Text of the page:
Witchcraft & Wizardry uses a modified version of the FS3 system (Second Edition), developed by Faraday. The basics of the system can be found at

Rules Philosophy

The key thing to understand about FS3 is that it is not designed for a lot of rolls to be made. This is a system-lite game, and overuse of the rolling mechanics might lead to some unexpected and frustrating results. Your Attributes and Skills are best viewed as a measure of how well your character performs that particular task when under pressure. Naturally, any time an act affects another character, that character's player has the right to ask for a roll. But the hope is that inconsequential rolls will be waived, allowing a scene to progress smoothly.

If you're not sure when to roll, we suggest referring to SeanCee's Golden Rule.

SeanCee's Golden Rule: Don't bother rolling unless…

  • …the results of the action are significant to the scene…and
  • …the outcome of the attempted action is in question.

In other words, if it's fairly certain that your character will succeed, don't waste time and break immersion with a roll. Likewise, if the outcome of the action doesn't really affect the scene beyond flavor, bringing the system into play doesn't serve much purpose. Some people like the random quality that dice bring, but remember that you are impacting others' immersion. Even failure doesn't have to be random. You can always choose to try and fail, if it will make the scene more interesting.


Rolling the Dice

The basic syntax for rolling the dice is simple:

+roll Character=Skill

If any modifiers are applied to the the roll, it will look something like this:

+roll Character=Skill+2

Opposed Rolls

Usually, when an action can be contested by another character, an Opposed Roll is called for. The syntax for making an Opposed Roll is:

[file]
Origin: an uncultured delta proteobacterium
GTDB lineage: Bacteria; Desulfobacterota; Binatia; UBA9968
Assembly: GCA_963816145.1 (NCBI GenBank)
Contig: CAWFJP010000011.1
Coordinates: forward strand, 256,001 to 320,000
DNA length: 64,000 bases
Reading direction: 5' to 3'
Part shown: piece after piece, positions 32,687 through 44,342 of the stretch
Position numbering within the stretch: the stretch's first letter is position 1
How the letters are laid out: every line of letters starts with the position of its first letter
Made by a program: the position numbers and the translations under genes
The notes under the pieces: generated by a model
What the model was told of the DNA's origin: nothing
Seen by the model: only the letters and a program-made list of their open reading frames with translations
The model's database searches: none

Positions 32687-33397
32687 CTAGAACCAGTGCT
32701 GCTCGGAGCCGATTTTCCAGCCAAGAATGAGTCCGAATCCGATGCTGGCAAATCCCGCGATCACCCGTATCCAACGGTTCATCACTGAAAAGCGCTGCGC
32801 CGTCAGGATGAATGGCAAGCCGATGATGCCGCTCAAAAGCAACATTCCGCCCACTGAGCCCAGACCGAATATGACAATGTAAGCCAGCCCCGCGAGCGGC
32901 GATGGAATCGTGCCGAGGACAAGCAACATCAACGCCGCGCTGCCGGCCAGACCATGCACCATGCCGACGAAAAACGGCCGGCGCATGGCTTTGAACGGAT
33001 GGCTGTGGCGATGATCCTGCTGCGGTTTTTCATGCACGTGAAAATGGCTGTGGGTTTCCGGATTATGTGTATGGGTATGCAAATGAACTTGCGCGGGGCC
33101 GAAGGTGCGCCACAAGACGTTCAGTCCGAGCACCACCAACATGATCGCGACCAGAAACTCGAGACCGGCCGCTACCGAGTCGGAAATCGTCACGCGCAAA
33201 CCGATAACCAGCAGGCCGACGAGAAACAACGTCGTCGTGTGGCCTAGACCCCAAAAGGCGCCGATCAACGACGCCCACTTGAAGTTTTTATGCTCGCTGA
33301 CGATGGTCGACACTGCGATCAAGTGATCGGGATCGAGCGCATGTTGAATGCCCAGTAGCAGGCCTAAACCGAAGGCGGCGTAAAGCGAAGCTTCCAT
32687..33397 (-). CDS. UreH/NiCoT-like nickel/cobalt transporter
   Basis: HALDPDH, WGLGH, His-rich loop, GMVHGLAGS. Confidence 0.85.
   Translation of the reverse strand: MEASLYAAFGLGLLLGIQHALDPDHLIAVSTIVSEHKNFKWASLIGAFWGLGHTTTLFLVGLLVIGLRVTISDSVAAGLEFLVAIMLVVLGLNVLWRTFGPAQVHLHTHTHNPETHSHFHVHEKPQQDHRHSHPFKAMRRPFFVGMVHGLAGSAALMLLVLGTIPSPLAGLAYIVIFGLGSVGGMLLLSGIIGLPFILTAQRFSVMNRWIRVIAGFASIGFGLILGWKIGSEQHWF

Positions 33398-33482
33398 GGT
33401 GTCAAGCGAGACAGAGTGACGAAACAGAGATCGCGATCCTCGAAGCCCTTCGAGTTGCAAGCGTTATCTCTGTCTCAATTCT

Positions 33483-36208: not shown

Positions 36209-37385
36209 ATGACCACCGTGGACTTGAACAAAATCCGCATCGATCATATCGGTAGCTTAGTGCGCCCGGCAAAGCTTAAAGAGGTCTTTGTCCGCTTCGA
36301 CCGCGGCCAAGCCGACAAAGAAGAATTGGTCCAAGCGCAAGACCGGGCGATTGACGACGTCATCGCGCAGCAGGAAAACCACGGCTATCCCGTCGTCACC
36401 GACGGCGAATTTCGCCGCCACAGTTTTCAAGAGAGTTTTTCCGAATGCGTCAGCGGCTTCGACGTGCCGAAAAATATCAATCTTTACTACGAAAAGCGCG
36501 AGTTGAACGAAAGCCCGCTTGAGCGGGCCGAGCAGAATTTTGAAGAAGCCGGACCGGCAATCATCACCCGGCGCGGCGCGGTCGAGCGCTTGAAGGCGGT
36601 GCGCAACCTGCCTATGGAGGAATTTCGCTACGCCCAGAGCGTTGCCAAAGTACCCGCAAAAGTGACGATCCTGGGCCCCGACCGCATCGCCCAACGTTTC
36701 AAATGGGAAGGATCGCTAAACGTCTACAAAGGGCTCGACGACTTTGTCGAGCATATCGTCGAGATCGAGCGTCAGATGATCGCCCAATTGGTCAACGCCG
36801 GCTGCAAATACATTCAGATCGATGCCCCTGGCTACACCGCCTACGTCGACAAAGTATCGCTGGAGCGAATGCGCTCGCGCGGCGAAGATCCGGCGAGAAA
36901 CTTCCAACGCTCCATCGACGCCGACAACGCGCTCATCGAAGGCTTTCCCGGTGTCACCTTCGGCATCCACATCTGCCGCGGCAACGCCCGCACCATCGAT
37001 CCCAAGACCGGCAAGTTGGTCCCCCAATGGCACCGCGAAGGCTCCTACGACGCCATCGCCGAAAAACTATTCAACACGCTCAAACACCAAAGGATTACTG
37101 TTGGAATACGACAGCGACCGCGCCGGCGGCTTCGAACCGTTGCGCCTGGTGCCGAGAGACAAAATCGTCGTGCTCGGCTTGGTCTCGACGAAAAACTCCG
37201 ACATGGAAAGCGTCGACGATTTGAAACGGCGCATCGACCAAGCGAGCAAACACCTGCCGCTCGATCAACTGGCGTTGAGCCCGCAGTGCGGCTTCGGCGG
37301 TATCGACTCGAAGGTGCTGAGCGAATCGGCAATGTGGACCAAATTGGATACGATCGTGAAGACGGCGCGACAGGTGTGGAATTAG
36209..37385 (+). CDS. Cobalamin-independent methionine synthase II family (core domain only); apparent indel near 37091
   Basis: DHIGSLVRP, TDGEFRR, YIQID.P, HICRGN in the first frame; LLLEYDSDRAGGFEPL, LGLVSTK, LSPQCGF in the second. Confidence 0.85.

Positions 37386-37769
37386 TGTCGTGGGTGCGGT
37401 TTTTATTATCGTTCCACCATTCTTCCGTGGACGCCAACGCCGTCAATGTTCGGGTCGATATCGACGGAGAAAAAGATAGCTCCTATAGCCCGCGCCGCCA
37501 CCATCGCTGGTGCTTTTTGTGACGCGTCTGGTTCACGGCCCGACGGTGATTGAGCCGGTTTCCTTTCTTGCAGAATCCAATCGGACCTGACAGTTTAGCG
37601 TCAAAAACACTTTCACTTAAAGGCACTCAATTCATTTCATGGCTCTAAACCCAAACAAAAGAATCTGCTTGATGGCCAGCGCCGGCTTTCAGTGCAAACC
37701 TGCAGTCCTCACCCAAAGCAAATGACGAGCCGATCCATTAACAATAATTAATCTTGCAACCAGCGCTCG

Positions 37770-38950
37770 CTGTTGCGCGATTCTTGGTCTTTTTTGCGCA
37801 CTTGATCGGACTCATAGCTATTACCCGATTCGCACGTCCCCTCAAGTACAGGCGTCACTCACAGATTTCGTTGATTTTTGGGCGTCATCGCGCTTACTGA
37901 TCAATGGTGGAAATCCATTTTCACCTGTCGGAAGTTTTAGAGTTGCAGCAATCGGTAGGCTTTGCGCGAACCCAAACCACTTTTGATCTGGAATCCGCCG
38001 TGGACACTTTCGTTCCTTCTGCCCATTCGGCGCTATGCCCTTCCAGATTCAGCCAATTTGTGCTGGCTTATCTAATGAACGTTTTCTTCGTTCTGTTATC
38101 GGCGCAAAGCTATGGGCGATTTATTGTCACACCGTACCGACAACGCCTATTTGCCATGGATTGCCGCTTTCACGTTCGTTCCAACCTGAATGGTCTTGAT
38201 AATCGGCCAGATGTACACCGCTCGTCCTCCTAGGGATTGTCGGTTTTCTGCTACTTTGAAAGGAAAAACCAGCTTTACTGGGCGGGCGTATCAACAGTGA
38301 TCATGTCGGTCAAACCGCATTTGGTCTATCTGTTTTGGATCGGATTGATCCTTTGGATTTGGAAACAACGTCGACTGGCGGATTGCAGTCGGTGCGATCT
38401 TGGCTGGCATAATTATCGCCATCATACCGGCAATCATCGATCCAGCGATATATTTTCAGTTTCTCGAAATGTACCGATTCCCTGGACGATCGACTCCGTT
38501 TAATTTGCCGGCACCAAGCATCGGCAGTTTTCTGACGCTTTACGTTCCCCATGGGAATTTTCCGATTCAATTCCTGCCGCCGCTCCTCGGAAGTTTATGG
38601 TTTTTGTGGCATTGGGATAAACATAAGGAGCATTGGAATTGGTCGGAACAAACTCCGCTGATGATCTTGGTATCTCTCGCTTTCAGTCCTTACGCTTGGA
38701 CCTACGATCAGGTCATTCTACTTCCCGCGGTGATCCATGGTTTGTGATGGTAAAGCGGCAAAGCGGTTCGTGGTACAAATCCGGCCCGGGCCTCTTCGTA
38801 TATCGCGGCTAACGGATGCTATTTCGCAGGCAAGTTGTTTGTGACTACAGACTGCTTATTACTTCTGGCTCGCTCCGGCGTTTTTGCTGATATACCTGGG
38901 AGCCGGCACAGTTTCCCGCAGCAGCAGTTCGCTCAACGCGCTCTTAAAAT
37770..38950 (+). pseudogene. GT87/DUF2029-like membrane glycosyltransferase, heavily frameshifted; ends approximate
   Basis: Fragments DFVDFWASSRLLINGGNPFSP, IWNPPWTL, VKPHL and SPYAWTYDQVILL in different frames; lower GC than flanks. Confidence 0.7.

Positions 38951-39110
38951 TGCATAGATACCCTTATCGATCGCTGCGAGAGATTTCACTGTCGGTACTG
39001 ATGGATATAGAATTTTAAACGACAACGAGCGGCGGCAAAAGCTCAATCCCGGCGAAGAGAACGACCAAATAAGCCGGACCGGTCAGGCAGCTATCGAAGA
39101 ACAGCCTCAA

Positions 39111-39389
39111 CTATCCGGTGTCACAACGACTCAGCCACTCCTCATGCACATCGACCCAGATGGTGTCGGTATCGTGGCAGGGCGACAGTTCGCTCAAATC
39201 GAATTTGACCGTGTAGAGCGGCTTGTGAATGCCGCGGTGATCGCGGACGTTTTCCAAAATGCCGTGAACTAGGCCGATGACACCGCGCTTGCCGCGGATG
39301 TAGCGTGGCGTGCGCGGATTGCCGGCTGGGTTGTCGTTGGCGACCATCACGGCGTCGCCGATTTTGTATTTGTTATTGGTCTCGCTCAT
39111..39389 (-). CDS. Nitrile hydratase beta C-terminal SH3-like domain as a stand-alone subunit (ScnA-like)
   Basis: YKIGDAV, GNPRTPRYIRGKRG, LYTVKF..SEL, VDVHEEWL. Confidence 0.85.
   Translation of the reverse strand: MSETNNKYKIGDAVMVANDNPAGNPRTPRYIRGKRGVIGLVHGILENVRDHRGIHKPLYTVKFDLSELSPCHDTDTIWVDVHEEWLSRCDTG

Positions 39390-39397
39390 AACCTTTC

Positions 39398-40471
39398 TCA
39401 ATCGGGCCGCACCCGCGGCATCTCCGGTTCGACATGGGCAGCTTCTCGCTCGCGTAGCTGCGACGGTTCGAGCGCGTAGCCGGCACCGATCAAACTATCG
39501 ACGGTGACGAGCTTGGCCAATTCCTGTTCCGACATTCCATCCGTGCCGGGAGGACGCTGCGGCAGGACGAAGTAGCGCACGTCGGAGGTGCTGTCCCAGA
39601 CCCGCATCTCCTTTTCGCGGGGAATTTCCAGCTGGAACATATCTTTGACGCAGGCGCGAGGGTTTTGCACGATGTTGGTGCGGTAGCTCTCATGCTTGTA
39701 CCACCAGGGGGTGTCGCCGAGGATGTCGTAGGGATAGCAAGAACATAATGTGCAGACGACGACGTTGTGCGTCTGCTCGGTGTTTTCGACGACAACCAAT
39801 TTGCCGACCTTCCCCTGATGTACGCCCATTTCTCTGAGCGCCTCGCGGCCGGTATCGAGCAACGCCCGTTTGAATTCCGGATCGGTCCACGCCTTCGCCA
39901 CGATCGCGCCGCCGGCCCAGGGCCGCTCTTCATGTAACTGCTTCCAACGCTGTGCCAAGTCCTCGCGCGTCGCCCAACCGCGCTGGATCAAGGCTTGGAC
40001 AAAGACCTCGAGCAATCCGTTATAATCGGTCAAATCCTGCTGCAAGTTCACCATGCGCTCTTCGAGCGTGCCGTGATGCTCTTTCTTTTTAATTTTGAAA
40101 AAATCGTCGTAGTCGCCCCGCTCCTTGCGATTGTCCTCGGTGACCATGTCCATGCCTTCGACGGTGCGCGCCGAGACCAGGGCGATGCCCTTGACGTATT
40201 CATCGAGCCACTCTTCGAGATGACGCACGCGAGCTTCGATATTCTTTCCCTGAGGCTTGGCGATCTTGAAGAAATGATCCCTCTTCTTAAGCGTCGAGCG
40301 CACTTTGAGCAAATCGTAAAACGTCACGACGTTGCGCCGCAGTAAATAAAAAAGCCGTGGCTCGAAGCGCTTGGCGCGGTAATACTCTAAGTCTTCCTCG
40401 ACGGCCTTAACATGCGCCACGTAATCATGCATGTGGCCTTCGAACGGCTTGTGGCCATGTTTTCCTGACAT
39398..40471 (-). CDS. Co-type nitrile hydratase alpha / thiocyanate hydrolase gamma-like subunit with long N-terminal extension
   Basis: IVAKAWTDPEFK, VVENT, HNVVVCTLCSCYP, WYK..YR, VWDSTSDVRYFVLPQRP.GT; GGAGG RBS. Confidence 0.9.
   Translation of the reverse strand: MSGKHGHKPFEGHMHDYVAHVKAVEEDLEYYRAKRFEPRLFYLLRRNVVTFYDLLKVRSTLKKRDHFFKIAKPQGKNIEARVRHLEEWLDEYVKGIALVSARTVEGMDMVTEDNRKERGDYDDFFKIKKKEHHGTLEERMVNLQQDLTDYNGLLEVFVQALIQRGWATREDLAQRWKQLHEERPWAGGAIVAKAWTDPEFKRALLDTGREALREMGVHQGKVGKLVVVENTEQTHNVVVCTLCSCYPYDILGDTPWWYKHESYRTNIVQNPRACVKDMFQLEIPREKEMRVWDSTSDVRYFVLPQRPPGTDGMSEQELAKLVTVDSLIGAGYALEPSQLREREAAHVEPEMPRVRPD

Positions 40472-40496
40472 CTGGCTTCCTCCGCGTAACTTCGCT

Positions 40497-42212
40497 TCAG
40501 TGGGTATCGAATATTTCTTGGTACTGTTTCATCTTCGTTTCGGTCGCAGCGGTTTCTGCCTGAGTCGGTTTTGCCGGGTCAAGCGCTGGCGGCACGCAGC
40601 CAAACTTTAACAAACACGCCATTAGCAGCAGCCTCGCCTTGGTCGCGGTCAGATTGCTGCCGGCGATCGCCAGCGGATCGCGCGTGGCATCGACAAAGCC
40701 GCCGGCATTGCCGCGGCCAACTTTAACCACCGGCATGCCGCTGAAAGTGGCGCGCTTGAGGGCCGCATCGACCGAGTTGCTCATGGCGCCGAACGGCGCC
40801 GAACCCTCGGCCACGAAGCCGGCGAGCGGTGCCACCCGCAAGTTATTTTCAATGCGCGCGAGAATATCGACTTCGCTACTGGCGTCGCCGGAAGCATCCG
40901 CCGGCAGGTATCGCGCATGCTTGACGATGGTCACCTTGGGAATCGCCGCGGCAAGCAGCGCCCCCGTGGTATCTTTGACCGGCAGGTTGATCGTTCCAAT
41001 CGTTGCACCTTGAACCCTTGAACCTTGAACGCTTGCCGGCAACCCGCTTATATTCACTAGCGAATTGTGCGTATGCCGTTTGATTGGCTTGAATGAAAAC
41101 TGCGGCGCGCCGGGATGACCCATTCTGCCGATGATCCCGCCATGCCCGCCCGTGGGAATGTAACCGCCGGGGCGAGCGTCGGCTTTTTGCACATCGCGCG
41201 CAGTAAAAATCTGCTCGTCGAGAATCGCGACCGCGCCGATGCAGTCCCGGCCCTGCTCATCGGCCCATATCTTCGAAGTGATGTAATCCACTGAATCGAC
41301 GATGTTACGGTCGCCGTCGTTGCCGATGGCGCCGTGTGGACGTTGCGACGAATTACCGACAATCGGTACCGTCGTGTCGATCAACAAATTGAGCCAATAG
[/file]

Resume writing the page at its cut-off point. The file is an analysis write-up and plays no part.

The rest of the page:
+roll Character1=Skill vs Character2=Skill

Apply modifiers the same way as for a normal roll.

In any opposed roll, there is an Instigator and a Respondent. The Instigator is the character who is taking action that requires a response (e.g. attacking someone, trying to sneak past a guard, actively trying to tell a lie, etc.). The Respondent is the character that must respond to the action (e.g. defending against an attack, spotting a sneaking culprit, catching someone in a lie, etc.).

If uncertain which character is the Instigator, ask yourself whose actions will change the situation. The one that is altering things is the Instigator, while the one whose roll will maintain the status quo is the Respondent.

Sometimes, when making an opposed roll, the result is a draw. Frequently, it isn't obvious what the actual result is when this happens. A draw means the situation has not changed. In nearly every case, this means the Respondent wins, because the Instigator is trying to alter the situation.

Cooperative Rolls

Sometimes one character is trying to help another achieve a certain task. For example, a group of Healers working together to save a patient's life, or several Muggles struggling to lift a heavy log.

This isn't appropriate for all rolls. For instance, one cannot help another with a Stealth roll, as a group of people sneaking requires each and every one of them to be quiet and unseen.